Prime Minister Justin Trudeau is accusing Prairie premiers of distorting the words of his justice minister after comments David Lametti made at a meeting of Assembly of First Nations chiefs last week.
Lametti told the meeting he would commit to "looking at" federal-provincial natural resource transfer agreements, after some chiefs called for Ottawa to repeal the law that gives the four western provinces control over resource development.
The premiers of Alberta, Saskatchewan and Manitoba released a joint statement asking Trudeau to "immediately retract these dangerous and divisive comments," saying the agreements are fundamental to the provinces' economic autonomy.
Meanwhile, the Federation of Sovereign Indigenous Nations and the Assembly of Manitoba Chiefs praised what they took as Lametti's commitment to review the law.
"With First Nations' rights to self-governance, royalties and compensation for extracting renewable and non-renewable resources should flow directly to First Nations for resources such as potash, oil, gas and minerals," the federation said in a statement.
Lametti later said that he only promised to listen to Indigenous partners, and did not commit to reviewing areas of provincial jurisdiction.
Trudeau said at a news conference in Winnipeg that the federal government knows it needs to move forward on reconciliation, but premiers are elevating "fears that have no grounding in truth."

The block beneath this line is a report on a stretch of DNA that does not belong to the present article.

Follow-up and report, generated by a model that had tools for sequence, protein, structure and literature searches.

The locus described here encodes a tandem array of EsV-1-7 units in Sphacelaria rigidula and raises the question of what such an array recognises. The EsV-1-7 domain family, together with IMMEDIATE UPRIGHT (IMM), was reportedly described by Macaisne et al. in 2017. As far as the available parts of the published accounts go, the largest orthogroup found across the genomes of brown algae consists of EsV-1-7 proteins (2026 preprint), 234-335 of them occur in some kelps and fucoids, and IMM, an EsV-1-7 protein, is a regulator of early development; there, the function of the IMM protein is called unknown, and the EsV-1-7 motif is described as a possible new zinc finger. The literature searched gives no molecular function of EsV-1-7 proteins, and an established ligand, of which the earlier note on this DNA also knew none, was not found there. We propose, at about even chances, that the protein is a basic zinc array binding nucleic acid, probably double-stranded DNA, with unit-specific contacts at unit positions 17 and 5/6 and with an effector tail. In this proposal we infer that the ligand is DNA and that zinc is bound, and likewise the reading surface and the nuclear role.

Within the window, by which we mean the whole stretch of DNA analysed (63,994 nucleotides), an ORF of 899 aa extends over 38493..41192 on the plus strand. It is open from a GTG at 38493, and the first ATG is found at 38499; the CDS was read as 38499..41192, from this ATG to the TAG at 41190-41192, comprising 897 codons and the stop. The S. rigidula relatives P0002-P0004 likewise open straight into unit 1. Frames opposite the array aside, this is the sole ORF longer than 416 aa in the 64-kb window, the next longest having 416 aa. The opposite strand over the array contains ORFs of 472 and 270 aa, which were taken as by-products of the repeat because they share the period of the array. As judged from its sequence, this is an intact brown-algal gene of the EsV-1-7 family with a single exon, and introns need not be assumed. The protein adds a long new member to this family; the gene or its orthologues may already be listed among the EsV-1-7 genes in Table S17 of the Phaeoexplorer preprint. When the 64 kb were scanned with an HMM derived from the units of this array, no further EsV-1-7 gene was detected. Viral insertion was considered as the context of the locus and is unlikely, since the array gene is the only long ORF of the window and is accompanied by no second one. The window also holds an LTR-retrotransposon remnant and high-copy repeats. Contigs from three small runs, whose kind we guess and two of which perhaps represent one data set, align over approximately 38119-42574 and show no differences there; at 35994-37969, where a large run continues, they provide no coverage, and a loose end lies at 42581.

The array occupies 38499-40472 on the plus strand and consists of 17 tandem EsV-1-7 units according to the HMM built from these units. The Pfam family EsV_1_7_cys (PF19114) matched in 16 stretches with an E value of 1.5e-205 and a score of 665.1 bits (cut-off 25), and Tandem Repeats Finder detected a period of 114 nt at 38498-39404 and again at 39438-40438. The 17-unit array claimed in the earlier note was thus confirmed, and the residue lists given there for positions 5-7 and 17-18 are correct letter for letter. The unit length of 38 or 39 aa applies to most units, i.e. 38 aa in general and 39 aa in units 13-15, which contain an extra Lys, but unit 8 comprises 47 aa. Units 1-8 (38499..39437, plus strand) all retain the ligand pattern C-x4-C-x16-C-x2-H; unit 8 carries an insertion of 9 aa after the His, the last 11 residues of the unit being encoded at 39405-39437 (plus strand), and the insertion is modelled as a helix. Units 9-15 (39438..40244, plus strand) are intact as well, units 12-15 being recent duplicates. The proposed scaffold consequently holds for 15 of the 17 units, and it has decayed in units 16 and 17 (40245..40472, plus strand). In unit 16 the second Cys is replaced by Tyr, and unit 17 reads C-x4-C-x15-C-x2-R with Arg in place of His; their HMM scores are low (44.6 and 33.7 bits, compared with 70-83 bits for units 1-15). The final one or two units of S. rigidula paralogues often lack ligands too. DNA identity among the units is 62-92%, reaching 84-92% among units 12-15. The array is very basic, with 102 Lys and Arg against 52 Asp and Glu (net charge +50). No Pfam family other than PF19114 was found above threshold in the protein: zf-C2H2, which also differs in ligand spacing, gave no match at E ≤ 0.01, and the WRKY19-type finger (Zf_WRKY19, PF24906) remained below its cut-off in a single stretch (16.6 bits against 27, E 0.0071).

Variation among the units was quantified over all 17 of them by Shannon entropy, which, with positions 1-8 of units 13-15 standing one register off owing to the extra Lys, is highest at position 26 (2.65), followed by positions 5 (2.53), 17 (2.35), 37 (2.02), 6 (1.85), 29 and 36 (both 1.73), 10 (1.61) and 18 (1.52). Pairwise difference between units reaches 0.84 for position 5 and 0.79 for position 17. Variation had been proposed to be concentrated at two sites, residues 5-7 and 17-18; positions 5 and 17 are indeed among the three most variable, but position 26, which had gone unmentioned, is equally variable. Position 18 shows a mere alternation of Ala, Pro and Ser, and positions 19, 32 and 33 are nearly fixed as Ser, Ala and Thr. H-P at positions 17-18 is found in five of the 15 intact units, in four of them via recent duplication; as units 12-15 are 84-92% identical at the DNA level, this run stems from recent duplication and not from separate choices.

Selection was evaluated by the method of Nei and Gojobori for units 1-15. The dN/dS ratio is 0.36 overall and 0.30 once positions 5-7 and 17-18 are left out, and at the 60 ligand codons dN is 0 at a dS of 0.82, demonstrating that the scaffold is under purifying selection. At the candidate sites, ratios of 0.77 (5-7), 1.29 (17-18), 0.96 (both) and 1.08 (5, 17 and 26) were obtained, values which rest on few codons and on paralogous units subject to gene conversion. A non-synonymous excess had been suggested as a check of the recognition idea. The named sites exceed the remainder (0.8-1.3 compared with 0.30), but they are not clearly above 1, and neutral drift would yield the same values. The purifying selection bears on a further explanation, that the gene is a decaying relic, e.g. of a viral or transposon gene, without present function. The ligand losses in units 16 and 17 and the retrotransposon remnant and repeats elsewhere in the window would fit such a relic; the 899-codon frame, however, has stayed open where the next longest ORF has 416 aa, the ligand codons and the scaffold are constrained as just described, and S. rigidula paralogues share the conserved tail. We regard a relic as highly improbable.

He said the federal government is committed to acting on the United Nations Declaration on the Rights of Indigenous Peoples and working with Indigenous Peoples to develop land and build a strong economy.
"This is something that, unfortunately, we have seen conservative politicians across the country not take as seriously as either our moral responsibilities or our economic responsibilities would require," he said.
The drama started after Grand Chief Brian Hardlotte of the Prince Albert Grand Council asked Lametti to rescind the Natural Resources Transfer Act during a question-and-answer session at the special chiefs meeting last Thursday.
"I obviously can’t pronounce on that right now," Lametti said in response. "But I do commit to looking at that. It won’t be uncontroversial is the only thing I would say, with a bit of a smile."
Prairie premiers and Conservative Leader Pierre Poilievre said that response was a threat to overturn the constitution and take federal control over provincial resources.
"The federal government cannot unilaterally change the constitution," the prairie premiers said in their joint-statement. "They should not even be considering stripping resource rights away from the three prairie provinces."
Poilievre said on Twitter that he would "put westerners in control of their resources and lives."
On the same platform, Lametti released a statement that said it's his job to listen to First Nations chiefs' concerns, but the government's focus is aligning Canadian laws and policies with the UN declaration.
This report by The Canadian Press was first published April 12, 2023.
David Fraser, The Canadian Press